Doug Pederson has made the Eagles’ offense the most prolific RPO offense in the NFL by introducing wrinkles to each situation the defense adjusts for. Here, the defense has schemed to get a free rusher on the QB. The run call for the RPO is an Inside-Zone run and with the defense having five defenders on the LOS, there is no one left to get to the MLB as a blocker if you account for all five rushers. That means in most cases the offense will call a protection change, which calls for the RG to get to the MLB (circled). That calls for the RT to downblock onto the defender that the RG would normally take and leave the standup edge defender unblocked (orange arrow). Notice the boundary CB is playing outside leverage to protect against an outside release deep by the TE.
View attachment 117048

But at the snap, the CB jumps inside to jump the slant because of the tendency for this play to have a backside slant as part of the RPO. The offense adjusts the route to a quick out and the CB has no chance to get there. If the CB stays disciplined and keeps that outside leverage, the offense will eat him alive with slants.
View attachment 117049

Duo/Jet Sweep with Backside slant
Here is another clip of the Eagles putting a wrinkle on the RPO game (which their offense revolves around). You have two duo blocks and a simple numbers game. Defense has five defenders and offense has five blockers. The defense has a hook defender in the slant zone and with a numbers advantage for the offense, this is an easy give to the RB who can pick which hole he wants to hit and pick up easy yardage. I also love turning this into a QB Lead Draw with the RB picking up any scraping defender and giving the offense an extra blocker. If that hook defender tries to take away the QB run, it’s an easy pull and slant behind it. This is absolutely flawless by the OL as they all have the correct shoulder and leverage to come off and take the LB’s at the next level if the run goes their way. On this play, it is the RB’s job to press either hole and get that LB to commit to that gap and then cut back into the other gap.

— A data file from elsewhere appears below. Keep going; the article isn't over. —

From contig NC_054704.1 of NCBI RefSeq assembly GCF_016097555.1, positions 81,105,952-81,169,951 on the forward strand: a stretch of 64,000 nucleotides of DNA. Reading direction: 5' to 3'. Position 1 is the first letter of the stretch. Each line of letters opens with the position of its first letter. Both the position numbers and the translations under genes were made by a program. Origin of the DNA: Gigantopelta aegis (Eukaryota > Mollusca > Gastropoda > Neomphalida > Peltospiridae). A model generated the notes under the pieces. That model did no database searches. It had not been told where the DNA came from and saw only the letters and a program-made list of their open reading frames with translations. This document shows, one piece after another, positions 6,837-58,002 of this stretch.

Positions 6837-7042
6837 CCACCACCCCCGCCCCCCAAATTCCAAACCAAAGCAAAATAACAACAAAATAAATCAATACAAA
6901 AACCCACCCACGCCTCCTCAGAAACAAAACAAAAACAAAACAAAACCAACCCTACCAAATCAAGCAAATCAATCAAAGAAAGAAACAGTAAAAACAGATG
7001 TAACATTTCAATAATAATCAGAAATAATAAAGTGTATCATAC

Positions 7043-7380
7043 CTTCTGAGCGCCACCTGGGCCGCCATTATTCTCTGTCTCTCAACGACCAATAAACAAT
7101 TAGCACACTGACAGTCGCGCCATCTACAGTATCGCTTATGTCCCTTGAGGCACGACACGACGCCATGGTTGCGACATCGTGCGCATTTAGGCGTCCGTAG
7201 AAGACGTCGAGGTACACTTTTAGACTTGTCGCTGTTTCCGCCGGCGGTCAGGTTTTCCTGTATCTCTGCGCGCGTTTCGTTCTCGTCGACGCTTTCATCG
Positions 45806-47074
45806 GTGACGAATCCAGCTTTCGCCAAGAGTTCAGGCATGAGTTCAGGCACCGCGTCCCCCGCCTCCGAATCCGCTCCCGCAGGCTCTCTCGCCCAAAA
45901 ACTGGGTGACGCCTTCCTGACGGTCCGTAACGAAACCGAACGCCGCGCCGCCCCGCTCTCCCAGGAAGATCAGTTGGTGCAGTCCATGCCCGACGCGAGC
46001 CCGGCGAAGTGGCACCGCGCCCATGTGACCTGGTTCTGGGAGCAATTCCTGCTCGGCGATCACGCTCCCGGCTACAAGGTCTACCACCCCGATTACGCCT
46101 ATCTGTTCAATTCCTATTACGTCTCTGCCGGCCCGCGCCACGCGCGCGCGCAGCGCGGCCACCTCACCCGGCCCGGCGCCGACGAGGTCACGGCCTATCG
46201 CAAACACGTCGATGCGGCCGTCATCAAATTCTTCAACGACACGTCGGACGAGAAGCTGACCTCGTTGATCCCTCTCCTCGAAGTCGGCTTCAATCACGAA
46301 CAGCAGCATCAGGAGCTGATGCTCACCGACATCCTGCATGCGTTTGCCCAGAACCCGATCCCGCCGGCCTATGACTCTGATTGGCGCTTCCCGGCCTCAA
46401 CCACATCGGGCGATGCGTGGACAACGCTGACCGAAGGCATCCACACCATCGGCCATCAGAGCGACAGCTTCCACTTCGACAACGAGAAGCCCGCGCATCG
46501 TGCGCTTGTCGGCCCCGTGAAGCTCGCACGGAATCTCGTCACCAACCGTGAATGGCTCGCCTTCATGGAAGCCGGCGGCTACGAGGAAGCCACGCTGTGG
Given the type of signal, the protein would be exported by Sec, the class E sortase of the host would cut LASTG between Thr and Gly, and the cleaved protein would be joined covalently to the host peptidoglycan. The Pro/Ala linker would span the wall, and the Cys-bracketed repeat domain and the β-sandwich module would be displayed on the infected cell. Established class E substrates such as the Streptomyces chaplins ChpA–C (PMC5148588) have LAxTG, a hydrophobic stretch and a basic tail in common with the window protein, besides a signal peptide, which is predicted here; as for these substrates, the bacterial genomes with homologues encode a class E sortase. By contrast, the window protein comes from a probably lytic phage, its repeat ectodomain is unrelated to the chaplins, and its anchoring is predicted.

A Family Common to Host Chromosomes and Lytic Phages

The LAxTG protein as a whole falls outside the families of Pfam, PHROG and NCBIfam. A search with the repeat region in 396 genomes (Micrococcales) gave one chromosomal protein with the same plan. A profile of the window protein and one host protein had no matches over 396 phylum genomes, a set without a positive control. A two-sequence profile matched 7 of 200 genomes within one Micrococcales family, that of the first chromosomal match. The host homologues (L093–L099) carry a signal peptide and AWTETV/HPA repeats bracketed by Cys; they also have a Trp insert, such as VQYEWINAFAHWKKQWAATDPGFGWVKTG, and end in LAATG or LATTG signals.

View attachment 117050

QB Run-Pass Option
An element to the RPO world that has started to accelerate in the past few seasons is utilizing the QB’s ability to run into the RPO game. Going back to the same SMU game against TCU last year, you can see this is not a QB keeper all the way. This is a full-blown RPO. The QB gets the snap and has the option to throw the swing to the RB, or to follow his RG on the counter-lead draw. You can see this is not a run all the way because the RT, the LG, and the LT are all pass blocking while the C and RG are run blocking. TCU has four defenders to the top of the screen overplaying the bubble, making this an easy decision to run the lead draw and walk into the end-zone.
View attachment 117051

What Can the Defense Do?
As I’ve shown you, the offense has a variety of ways to simplify decisions for the QB and make it to where the defense is always wrong. So, what does the defense do to combat the stress that the RPO game puts on them?

Man-to-Man Defense